Strela was a Russian space launch vehicle converted from the RS-18 intercontinental ballistic missile (NATO classification: SS-19 Stiletto) by NPO Mashinostoyeniya and marketed by Space Development Corp. Strela ("arrow") is 26.7 m long with a takeoff mass of 104 tons and can carry a payload of up to 1,700 kg into low Earth orbit.
With production of Cosmos-3M rockets halted in 1995, Russian agencies have few choices, other than converted RS-18s and RSD-10Ms, like Strela, Start, and Rockot. Of Russia's 160 nuclear warhead-bearing RS-18s, 55 must be decommissioned by 2007 under the START 2 treaty. The RS-18 has logged 146 launches over the past 27 years, with 143 of them a complete success.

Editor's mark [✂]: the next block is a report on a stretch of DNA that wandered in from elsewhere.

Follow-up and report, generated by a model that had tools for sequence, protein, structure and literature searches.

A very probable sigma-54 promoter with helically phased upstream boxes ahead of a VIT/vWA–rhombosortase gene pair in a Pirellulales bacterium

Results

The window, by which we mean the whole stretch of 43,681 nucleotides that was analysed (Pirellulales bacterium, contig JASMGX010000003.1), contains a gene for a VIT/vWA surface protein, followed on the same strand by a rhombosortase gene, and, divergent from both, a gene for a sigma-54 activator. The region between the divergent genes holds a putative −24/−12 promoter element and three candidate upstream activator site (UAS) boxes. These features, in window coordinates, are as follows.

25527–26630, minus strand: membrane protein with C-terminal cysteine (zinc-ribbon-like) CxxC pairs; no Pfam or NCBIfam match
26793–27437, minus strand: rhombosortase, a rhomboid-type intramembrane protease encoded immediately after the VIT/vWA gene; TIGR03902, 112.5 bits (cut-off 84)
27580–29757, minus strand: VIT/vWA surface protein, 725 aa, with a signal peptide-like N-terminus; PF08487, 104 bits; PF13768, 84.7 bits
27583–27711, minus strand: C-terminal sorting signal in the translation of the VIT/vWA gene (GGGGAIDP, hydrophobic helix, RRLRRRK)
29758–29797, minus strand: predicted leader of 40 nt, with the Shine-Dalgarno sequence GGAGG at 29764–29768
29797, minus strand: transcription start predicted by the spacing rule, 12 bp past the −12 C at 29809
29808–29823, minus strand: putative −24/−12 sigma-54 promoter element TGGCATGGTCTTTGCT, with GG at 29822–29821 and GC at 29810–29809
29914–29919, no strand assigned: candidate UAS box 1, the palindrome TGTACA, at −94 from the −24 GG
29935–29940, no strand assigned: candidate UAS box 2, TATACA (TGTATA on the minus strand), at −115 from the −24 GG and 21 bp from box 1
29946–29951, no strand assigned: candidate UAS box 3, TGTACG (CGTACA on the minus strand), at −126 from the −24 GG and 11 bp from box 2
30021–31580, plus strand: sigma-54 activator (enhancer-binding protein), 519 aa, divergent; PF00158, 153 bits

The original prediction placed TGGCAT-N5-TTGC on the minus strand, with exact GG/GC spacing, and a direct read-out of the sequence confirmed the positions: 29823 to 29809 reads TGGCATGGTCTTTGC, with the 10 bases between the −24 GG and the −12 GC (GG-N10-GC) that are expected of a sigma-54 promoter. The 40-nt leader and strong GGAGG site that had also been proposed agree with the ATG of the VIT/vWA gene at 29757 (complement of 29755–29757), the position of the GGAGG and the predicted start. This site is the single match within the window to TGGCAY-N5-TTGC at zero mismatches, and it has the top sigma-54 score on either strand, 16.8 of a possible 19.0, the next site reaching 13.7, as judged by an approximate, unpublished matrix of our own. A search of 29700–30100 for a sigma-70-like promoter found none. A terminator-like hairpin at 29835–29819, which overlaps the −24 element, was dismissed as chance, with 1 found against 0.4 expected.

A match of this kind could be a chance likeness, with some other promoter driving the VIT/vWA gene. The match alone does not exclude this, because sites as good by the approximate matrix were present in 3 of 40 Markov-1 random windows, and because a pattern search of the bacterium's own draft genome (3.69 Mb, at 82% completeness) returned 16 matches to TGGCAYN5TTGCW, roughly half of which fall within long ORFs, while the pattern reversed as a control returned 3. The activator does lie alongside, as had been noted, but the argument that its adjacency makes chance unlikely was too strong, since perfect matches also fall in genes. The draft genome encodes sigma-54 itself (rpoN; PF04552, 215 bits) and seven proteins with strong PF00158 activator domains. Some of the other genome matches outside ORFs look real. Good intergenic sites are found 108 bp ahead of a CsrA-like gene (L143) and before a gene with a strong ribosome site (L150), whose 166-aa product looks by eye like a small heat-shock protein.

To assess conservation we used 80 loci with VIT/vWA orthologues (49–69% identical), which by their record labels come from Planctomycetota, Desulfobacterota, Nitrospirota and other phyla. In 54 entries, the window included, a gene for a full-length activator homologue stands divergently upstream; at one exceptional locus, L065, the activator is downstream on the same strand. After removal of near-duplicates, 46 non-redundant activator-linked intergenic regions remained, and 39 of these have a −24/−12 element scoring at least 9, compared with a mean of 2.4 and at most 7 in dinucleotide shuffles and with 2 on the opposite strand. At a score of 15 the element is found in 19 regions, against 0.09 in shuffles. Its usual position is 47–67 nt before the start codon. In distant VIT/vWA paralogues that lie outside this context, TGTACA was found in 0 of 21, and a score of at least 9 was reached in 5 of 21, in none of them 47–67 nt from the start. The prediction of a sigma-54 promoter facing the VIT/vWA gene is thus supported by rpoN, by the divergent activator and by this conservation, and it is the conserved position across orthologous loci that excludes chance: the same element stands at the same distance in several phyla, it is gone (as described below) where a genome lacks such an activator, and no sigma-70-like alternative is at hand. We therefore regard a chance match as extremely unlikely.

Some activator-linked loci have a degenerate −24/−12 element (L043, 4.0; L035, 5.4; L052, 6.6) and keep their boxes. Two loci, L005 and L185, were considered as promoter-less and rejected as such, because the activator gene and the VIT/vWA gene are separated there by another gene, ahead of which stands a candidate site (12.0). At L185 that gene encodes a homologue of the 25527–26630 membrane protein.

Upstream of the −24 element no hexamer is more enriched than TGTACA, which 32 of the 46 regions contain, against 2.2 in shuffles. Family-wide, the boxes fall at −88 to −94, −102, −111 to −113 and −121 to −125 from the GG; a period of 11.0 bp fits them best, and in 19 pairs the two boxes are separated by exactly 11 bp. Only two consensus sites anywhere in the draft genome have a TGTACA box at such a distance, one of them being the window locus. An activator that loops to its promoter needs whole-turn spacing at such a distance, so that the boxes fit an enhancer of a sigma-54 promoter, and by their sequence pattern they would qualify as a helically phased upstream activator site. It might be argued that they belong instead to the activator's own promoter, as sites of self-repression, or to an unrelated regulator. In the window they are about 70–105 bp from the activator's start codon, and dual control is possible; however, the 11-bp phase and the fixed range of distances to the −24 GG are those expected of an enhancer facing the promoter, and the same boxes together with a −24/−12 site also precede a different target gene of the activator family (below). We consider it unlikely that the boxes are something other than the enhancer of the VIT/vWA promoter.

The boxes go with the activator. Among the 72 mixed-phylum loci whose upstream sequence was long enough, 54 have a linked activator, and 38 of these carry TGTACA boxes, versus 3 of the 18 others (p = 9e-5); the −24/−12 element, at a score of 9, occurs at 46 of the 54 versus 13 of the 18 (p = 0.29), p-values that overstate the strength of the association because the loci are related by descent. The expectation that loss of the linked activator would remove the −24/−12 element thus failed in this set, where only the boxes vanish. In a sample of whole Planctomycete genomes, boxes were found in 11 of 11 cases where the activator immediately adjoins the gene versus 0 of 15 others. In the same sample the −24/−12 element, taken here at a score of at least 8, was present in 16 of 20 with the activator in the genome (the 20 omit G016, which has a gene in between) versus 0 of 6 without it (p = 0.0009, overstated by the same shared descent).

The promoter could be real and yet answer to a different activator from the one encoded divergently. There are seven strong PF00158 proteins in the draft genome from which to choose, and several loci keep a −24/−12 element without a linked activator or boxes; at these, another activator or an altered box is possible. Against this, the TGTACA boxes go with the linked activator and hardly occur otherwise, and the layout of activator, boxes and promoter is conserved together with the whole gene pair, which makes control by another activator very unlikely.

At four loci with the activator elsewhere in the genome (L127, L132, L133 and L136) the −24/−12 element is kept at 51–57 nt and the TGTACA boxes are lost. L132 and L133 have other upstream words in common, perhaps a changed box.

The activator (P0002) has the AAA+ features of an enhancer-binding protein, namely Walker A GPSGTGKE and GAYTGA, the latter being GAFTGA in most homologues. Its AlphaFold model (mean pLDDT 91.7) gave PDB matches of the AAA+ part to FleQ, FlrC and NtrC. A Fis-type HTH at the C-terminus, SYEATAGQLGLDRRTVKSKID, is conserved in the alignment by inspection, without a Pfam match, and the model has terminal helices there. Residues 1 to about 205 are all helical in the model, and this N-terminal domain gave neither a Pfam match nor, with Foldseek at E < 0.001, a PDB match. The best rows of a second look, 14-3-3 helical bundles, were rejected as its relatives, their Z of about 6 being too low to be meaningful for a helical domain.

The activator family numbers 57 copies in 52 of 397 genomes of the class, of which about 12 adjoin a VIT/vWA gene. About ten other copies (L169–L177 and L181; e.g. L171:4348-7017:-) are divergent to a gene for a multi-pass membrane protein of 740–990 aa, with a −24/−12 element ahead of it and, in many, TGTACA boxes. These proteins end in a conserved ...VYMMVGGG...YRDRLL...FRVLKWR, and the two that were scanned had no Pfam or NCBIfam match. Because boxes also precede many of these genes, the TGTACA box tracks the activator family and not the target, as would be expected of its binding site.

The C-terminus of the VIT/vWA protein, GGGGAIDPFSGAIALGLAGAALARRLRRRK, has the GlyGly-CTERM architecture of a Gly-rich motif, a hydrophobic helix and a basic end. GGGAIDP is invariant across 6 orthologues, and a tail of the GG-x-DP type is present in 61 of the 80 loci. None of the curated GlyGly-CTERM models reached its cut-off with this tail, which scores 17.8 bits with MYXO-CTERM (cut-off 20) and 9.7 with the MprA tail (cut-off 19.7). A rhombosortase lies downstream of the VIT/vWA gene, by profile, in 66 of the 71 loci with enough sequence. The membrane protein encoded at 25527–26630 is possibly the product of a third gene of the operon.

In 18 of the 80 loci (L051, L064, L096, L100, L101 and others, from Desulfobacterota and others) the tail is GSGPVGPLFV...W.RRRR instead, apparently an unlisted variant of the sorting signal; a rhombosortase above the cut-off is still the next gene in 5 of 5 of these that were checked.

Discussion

Similar in performance to Rockot, Strela can be launched from Baikonur or Svobodny (Russia's newest spaceport, a converted facility that used to serve as the base for a military ballistic missile unit), while Rockot is launched from Plesetsk and may in the future be launched from Baikonur. Although in terms of payload mass Strela is slightly inferior to Rockot, it has a lower orbital injection cost. Strela can put satellites into orbits with an inclination of 63° from Baikonur and into orbits with inclinations in the range 52 to 61 and 90 to 104° from Svobodny. The first demonstration launch took place on 5 December 2003 from Baikonur.
Strela is also a series of Russian military, store-dump communications satellites, the
first of which was launch in 1964. The latest batch of six Strela-3 satellites
was placed in highly inclined 1,400-km-high orbits by a Tsyklon rocket on
28 December 2001.